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Suspension of Moving Administrative Capital to the Chungcheong Region

Suspension of Moving Administrative Capital to the Chungcheong Region

Posted October. 21, 2004 23:12,   


The Constitutional Court ruled by eight to one on Thursday that the Special Law on New Administrative Capital Construction was unconstitutional.

Accordingly, the special law has lost its effect, and the government’s plan to relocate the administrative capital has been suspended.

“The constitutional provisions do not stipulate Seoul as the capital of Korea, but it has been the capital city for more than 600 years since the Joseon Dynasty. Therefore it is accepted as the country’s capital under an unwritten law,” said the justices in the ruling.

The court announced that moving the capital city outside Seoul should be carried out under the procedures of the Constitution, or through its revision. The special law was unconstitutional because the government did not follow the process of the constitutional revision; thereby violating the people’s right to a national referendum under Article 130, paragraph 2 of the Constitution, the court said.

“Relocating a capital city is a matter relating to the national destiny stipulated by Article 72 of the Constitution, so it should be decided by a national referendum,” said Justice Kim Yung-il. “The government, however, did not hold the referendum, violating the Constitution.”

Justice Jeon Hyo-sook, however, said in her dissenting opinion, “The site of a capital city is only a tool for fulfilling the object of the Constitution, and it is not necessarily a matter that must be decided through the constitutional revision. Therefore the petitioners’ claim that their right to vote had been infringed upon is unlawful.”

On July 12, 169 people, composed of 50 Seoul city officials, professors, public servants and college students, submitted the petition to the Constitutional Court, saying their right to a national referendum was violated as the government proceeded the capital city relocation without holding the referendum.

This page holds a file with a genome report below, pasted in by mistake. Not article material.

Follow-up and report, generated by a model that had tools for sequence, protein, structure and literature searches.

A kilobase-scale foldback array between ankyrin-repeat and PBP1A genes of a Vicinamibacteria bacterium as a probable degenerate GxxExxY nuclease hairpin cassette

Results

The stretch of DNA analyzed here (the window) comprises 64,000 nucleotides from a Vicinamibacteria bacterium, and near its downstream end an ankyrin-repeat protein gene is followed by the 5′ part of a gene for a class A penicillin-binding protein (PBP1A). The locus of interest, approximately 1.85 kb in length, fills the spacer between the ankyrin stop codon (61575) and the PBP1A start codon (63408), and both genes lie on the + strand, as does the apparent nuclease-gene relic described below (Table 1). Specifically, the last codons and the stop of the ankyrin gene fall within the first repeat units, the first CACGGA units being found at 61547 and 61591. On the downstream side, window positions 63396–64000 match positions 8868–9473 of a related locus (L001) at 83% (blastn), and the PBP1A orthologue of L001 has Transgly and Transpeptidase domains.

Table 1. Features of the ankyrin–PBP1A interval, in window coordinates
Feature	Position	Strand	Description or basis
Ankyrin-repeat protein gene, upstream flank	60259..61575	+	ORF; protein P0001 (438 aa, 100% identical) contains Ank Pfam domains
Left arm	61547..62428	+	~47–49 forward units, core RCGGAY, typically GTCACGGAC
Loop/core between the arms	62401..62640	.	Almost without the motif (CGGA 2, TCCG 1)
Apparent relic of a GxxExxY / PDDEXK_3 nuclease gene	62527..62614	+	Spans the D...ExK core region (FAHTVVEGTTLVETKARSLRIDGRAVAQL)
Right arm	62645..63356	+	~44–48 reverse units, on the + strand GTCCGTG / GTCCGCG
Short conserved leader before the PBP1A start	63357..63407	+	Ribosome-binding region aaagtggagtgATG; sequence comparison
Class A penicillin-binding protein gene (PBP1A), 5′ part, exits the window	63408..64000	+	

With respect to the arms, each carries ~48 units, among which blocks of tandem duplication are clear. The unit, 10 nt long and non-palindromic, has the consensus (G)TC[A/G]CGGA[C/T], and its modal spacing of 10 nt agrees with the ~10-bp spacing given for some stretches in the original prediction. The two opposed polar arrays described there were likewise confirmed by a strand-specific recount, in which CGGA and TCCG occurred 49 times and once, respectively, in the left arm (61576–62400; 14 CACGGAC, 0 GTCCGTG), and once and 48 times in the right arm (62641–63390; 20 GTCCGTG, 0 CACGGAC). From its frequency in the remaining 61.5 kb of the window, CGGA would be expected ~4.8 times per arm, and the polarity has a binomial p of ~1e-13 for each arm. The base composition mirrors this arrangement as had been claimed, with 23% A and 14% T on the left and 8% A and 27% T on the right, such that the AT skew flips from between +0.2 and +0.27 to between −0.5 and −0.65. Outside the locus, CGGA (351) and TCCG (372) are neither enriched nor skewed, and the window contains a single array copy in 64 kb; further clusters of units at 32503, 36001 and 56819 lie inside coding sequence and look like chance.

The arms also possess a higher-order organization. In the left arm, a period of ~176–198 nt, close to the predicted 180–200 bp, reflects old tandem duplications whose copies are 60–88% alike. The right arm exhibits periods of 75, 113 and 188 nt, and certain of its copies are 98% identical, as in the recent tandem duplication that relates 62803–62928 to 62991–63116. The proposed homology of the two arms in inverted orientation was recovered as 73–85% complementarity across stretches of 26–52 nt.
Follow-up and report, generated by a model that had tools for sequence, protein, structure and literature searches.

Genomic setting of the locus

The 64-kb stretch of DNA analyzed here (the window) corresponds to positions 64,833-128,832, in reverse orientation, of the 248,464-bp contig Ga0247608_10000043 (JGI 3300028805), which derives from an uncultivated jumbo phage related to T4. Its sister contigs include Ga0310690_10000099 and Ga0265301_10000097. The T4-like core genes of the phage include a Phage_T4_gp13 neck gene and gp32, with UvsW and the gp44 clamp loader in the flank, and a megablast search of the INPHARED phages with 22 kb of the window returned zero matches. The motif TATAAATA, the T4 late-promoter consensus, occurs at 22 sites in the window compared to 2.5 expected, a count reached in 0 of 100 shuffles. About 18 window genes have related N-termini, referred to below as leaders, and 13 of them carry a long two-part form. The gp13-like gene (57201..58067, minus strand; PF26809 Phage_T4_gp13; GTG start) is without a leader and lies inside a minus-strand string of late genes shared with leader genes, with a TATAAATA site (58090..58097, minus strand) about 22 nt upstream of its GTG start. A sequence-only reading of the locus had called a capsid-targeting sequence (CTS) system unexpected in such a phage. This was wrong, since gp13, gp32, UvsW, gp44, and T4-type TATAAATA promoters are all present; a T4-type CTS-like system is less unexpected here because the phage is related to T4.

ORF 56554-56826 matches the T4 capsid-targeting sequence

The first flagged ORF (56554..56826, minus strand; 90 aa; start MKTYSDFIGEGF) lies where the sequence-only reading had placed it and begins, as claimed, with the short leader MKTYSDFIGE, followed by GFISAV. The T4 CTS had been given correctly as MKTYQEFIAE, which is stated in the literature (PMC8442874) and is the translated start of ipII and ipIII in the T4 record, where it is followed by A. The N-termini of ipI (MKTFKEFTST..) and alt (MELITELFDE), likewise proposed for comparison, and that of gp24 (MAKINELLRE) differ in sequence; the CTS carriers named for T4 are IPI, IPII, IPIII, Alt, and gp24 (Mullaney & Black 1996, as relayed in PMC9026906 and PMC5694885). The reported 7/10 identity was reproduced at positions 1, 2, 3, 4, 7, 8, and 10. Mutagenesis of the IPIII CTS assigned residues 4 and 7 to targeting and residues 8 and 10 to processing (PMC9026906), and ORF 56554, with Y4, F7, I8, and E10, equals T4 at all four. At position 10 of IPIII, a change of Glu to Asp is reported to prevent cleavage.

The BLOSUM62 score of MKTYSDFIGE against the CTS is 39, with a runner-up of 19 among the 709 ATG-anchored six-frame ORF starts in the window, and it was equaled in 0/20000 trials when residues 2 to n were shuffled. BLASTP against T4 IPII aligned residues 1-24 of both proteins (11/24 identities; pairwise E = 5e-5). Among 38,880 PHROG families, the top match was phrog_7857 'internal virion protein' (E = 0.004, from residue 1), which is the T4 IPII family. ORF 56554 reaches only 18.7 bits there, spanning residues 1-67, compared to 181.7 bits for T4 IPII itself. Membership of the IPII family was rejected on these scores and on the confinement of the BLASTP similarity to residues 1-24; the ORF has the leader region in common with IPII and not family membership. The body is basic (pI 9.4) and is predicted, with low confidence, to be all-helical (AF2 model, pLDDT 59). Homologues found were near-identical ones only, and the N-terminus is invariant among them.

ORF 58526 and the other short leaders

The ruling party needs two-thirds majority, which is 200 votes, at the National Assembly in order to revise the Constitution for the relocation.

Nevertheless, the Uri Party with 151 seats cannot push forward with the revision without the consent of the opposition Grand National Party (GNP).

The government’s spokesperson, Jeong Sun-kyun, a director of the Korean Overseas Information Service (KOIS), issued a statement right after the ruling that the government would suspend any activity that has legal effects, including a Committee on the New Administrative Capital Construction.

Prime Minister Lee Hai-chan and leaders of the Uri Party held an emergency meeting at the prime minister’s official residence, and decided to form a special council co-headed by the party’s policy committee chairman, a minister of government policy coordination, and a Cheong Wa Dae secretary for national policy for countermeasures.

“Balanced national development and easing regulations on the Seoul metropolitan area are very important tasks for the national development,” said Uri Party spokesperson Kim Hyeon-mi at the briefing. “For the tasks, the government and the party will carefully establish reasonable and proper measures after collecting the public opinion.”

Soo-Hyung Lee Young-Chan Yoon sooh@donga.com yyc11@donga.com